With the ADS-B Out mandate going into effect Jan. 1, 2020, aircraft owners are encouraged to test their equipment to ensure it is in compliance.
That’s because if you upgraded to ADS-B prior to 2015, it’s likely the transponders were manufactured to the DO-260/260A standard, which was an earlier requirement for flying in Australia and other parts of the world.
However, the version the FAA adopted for the flying in United States airspace is DO-260B.
The DO-260B standard was adopted because it eliminates latency and adds annunciation requirements, Duncan officials explain.
This standard was later accepted as the worldwide standard by all civil air authorities.
Collins’ transponders with part numbers ending in -409 and below are not compliant with the mandate and will need to be upgraded, according to company officials.
“The good news is if you’ve upgraded to the DO-260A standard, you’re typically Wide Area Augmentation System (WAAS)-compliant, so you have the antenna and GPS sensors necessary and will need only the transponder upgrades,” says Regional Avionics Sales Manager John Spellmeyer.
One way you can make sure you are compliant with the ADS-B mandate is to check to see if your emitter is broadcasting signals reagarding your aircraft’s position, speed, location in relation to other aircraft, and other information to Air Traffic Control and other aircraft in the area where you’re flying.
The FAA issued a report earlier this year warning that there was a high rate of non-performing emitters (NPEs).
Many of the aircaft with NPEs were likely installed more than four years ago or prior to changes made in the mandate and implemented over the years after its initial announcement.
Some, however, may be a result of an improper installation or equipment configuation. Common reasons the emitter may not be transmitting include:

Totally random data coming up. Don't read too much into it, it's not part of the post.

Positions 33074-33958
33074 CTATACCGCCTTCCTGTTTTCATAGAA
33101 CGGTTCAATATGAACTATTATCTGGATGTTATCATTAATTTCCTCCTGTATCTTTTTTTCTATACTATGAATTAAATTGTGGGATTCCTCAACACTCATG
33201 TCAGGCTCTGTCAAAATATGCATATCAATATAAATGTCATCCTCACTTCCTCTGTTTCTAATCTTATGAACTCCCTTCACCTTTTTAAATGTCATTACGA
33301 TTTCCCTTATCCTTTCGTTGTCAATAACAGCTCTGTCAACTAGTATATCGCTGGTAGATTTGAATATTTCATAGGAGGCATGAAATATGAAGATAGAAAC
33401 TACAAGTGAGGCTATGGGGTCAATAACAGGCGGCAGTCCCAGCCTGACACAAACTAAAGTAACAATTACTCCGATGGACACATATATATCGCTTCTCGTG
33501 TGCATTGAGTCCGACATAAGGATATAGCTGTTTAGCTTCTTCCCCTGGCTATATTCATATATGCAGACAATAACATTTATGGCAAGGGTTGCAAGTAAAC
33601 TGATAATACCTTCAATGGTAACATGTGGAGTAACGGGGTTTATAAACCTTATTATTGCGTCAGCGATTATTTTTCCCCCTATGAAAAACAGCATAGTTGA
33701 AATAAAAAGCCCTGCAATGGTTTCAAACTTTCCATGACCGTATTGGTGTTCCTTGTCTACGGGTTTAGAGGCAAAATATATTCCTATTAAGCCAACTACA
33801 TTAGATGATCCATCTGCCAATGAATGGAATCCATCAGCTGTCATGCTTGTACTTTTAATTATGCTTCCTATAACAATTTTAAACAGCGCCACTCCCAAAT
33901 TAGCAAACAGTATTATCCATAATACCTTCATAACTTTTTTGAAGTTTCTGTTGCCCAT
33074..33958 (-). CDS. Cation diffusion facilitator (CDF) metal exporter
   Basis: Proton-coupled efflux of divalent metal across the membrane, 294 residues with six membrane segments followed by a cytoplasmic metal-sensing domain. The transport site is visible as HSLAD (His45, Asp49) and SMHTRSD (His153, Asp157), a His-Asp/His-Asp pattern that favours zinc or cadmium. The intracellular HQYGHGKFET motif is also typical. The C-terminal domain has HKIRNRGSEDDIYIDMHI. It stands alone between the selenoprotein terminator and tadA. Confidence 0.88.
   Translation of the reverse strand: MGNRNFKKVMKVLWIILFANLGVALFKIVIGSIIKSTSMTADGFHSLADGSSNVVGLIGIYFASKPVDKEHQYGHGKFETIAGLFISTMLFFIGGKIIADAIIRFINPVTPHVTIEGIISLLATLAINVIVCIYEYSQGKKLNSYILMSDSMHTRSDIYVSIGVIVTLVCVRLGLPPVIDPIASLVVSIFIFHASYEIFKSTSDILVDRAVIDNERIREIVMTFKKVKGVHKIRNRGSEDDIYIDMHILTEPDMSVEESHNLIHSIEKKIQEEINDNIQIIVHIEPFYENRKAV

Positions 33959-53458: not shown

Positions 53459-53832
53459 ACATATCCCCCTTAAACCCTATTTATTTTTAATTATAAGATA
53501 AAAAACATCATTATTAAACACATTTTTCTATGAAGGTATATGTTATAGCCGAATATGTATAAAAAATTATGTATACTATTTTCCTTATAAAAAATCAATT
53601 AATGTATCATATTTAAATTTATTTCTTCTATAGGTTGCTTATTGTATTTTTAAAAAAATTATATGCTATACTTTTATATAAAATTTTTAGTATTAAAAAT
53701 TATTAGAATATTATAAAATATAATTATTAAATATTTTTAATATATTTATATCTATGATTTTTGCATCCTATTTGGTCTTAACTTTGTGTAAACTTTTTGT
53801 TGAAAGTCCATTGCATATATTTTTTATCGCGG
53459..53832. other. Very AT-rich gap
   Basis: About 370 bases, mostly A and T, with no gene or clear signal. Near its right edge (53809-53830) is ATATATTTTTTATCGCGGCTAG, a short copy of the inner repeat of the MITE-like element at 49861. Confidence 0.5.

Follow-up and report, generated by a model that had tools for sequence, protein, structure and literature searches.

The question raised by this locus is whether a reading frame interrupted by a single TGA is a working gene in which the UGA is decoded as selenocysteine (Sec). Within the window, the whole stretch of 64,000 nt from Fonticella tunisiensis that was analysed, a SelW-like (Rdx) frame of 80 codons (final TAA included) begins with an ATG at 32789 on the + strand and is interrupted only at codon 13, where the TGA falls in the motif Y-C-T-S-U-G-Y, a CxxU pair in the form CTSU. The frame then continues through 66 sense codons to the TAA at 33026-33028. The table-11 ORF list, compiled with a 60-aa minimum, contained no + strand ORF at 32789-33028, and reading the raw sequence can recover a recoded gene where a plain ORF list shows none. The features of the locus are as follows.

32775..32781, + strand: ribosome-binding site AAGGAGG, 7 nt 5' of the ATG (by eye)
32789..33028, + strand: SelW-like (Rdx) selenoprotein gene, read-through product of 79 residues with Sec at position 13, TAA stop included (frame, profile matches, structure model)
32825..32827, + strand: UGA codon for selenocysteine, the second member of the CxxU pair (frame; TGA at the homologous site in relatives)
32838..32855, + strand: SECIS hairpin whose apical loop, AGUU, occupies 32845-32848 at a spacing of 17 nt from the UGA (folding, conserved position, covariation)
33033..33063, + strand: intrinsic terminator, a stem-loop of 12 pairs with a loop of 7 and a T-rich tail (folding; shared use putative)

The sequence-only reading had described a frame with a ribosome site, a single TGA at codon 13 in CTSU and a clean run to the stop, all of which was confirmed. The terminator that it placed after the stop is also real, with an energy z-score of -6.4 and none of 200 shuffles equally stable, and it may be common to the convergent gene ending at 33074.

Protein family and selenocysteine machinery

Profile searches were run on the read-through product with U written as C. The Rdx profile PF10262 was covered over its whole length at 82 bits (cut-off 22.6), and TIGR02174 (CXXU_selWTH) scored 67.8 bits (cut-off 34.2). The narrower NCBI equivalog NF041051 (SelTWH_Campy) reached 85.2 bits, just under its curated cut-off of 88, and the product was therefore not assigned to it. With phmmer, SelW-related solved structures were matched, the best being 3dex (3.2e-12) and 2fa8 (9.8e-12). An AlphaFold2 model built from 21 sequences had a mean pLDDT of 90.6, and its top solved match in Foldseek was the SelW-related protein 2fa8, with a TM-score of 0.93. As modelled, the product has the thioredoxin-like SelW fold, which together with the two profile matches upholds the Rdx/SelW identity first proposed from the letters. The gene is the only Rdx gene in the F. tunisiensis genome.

- Incorrect software version or improper configuration. Either issue can reduce the accuracy of the aircraft’s position
- Incorrect emitter category. This happens when the ADS-B system transmits the wrong emitter category based on its maximum take-off weight
- Incorrect Flight ID. This happens when the aircraft’s registration for Mode S doesn’t match the Flight ID
- Transmitting airborne data. An error when the signal is transmitting but the aircraft is on the ground
How to test whether you are compliant before the deadline
About one hour after a flight, go to the FAA’s website and request a Public ADS-B Performance Report (PAPR). The PAPR helps you verify that your ADS-B equipment is functioning properly.
If you are unable to determine whether your aircraft is in compliance, send an email to the FAA (9-AWA-AFS-300-ADSB-AvionicsCheck@faa.gov). In the subject line, put your aircraft registration number.
In the body of the email include:
- Flight identification code
- Flight date and time
- Make and model of your ADS-B transmitter and GPS
- Any ADS-B avionics operating abnormalities you have observed or reported during the flight
You will receive a report from the FAA showing what parameters of your system have failed.